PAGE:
Christianity is false, period, end of issue, end of story, if we have no soul. If there is not a substantial human rational soul, a "you" that is not your body, but interacts with your body, controls your body, has a deep unity with your brain, but is not the same thing as your brain, it is not identical to your brain. If those things aren't true, then it is all over for Christianity because all of Christianity is dependent on the notion that you survive the death of your body and that you, as a substantial soul, have to answer for the deeds done, as the Scriptures say, in the flesh. What it means by in the flesh is in the physical body. That is the point.

C.S. Lewis has made a comment, and I think it applies well to this particular issue. He says in the book God in the Dock, "In the old days it was supposed that when a thing seemed obviously true to a hundred men, then it was probably true in fact." Not so anymore, ladies and gentlemen. The things that seem so obvious to us, one being that we have a soul, are so obvious that we don't even reflect on them because it's so self- evident to us for a variety of different reasons.

I am not going to go into all the reasons right now why that is self- evident, but I am going to count on the fact that you have a self-conscious awareness of your own consciousness as something different from your physical body. I am going to give you some evidence why I think that that is true. But I guess I just want to say that that is just the most common sense approach to reality with regards to human beings. We just seem to know that to be the case.

Indeed, for those who believe differently, they have to be talked out of the obvious witness of their own self-reflection and their own experience. That is why I think that, as one philosopher put it, "the prevailing opinions in the science of mind are obviously false." You don't need to be a philosopher to figure this out. A few moments of reflection will do that. You don't need to be a scientist because you know something that a scientist couldn't possibly know.

Before I go any further, I want to make a recommendation to you. You really need to take about three hours of your time and read a book. It is not out of your reach, but you are going to have to go slowly and pay attention to what is being said. But once you do, you will never be up-ended about these kinds of articles again with regards to your faith and the nature of the soul and the brain. The book is entitled Immortality, The Other Side of Death , published by Thomas Nelson. The authors are J.P. Moreland and Gary Habermas. J.P. Moreland gives his defense of what is known in philosophy as substance dualism. It is the idea that not only do you have a substantial body, but you have a substantial soul. The two work together, but they are separate. You cannot reduce the soul and all mental activity to mere activity of the brain.

The rest of the book is excellent, as well.

If you feel intimidated in dealing with this issue because you are not a neurologist, I want to put your fears to rest because you know something that the scientists do not know. What the scientists know has to do with the brain. But my discussion now is not principally about the brain, it is about the mind. There is only one person who has access to your mind. You. No one else knows your thoughts. No one else knows your feelings. No one else knows what it is like to be you. Technically, it is called de se knowledge. In other words, you have entirely private, first-person access to your own consciousness.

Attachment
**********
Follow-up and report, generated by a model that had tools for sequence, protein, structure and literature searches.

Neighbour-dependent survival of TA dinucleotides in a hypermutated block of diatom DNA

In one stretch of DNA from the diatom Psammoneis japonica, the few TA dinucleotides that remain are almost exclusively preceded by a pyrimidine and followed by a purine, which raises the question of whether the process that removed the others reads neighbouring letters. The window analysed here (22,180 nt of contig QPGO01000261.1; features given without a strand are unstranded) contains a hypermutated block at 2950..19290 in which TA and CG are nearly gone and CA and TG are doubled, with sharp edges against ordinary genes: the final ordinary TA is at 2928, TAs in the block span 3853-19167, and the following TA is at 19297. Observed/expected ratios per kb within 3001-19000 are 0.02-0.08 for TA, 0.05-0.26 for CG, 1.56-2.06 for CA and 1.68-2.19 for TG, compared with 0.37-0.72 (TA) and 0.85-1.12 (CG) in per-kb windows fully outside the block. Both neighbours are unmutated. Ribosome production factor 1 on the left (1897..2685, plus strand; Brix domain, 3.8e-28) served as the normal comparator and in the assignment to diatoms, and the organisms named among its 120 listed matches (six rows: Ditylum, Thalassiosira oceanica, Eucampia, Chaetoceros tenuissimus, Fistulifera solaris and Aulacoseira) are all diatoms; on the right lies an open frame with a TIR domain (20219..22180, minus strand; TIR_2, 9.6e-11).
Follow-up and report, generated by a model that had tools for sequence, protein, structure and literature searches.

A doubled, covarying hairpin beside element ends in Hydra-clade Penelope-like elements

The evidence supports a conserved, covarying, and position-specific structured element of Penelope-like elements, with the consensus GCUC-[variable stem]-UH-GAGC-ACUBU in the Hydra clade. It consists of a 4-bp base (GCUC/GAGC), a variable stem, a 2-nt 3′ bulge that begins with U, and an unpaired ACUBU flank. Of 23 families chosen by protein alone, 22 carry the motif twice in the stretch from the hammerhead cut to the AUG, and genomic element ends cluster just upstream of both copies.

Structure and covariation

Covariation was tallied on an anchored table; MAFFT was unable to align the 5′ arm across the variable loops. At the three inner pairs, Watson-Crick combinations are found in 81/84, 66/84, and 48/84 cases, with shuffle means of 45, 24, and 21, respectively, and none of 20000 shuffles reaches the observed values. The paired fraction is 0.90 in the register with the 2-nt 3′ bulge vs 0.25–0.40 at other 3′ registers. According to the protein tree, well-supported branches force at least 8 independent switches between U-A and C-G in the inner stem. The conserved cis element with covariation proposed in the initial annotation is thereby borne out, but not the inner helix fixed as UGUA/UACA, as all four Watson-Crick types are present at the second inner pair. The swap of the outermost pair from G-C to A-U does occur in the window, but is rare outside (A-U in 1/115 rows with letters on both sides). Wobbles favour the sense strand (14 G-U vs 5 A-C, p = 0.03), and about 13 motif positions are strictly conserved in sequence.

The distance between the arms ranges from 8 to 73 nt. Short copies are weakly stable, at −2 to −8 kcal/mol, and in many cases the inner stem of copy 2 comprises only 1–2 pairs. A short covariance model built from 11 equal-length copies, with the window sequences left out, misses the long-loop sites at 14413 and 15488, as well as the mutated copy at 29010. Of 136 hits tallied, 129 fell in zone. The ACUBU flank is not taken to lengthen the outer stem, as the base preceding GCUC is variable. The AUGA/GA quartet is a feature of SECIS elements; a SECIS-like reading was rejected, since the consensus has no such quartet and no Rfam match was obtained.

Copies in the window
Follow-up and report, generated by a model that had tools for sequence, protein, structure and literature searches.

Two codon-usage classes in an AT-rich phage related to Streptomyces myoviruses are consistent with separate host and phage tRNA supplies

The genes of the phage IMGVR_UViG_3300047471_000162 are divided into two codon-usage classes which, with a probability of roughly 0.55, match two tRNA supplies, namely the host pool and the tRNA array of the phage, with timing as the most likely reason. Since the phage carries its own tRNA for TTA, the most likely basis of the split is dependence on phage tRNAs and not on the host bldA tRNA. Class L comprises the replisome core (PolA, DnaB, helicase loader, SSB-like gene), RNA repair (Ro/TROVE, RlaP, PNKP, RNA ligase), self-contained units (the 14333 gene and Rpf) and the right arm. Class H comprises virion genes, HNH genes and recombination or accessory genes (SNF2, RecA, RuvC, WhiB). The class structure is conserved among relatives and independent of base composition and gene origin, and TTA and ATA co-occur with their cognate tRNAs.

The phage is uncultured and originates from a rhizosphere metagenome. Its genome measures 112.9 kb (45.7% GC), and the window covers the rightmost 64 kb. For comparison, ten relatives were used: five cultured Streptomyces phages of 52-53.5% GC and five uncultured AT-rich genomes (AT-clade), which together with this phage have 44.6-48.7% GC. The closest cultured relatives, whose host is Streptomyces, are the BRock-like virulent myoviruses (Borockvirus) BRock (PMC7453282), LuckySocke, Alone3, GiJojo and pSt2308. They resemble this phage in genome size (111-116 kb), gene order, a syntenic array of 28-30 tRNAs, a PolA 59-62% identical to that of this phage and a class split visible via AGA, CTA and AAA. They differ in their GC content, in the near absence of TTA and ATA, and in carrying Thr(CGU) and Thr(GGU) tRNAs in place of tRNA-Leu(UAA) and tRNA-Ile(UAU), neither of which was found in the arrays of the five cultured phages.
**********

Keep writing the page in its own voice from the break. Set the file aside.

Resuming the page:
If I develop that a little further, that in itself would be a good defense for the idea that the soul is not the body, that the mind is not the brain because the brain and all other physical objects have no first-person priority or privileged access. They all have third-person access. Anybody can look at any physical thing and have the same kind of access to it as anyone else. It's a different argument. I'm not going to go into it now.

The main point that I want to make is that you know some things about your own consciousness because you have first-person access. Just what you know, the limited amount that you happen to know, is enough to let you know that you are not the same as your brain.

I think Paul is even on to this in 1 Corinthians 2:11. He mentions essentially the same thing: "For who among men knows the thoughts of a man e is talking about spirit in the context of the soul. He is using it synonymously with the inner man.

An important distinction to understand is between identity and constant correlation. I mentioned earlier that I think the article makes a very powerful point. Certain physical states of the brain certainly influence the soul.

But in identifying this fact, the neurologists have drawn the mistaken conclusion that since certain states are correlated, certain brain states are correlated with your soulish functions--memory, thinking, choices, feelings-- and that means there is no self, there is no soul, there is just a brain state. That is a big mistake. I know that they are not the same thing.

You can know for sure just with a moment's reflection that your brain is not your soul.

The headline in the article says, "A memory is nothing more than a few thousand brain cells firing in a particular pattern." In other words, they are saying that a memory is identical with brain cells firing in a pattern. It is not correlated with a mind state such that the brain cells firing causes your mind or soul to have a memory. It is saying that that's all it is.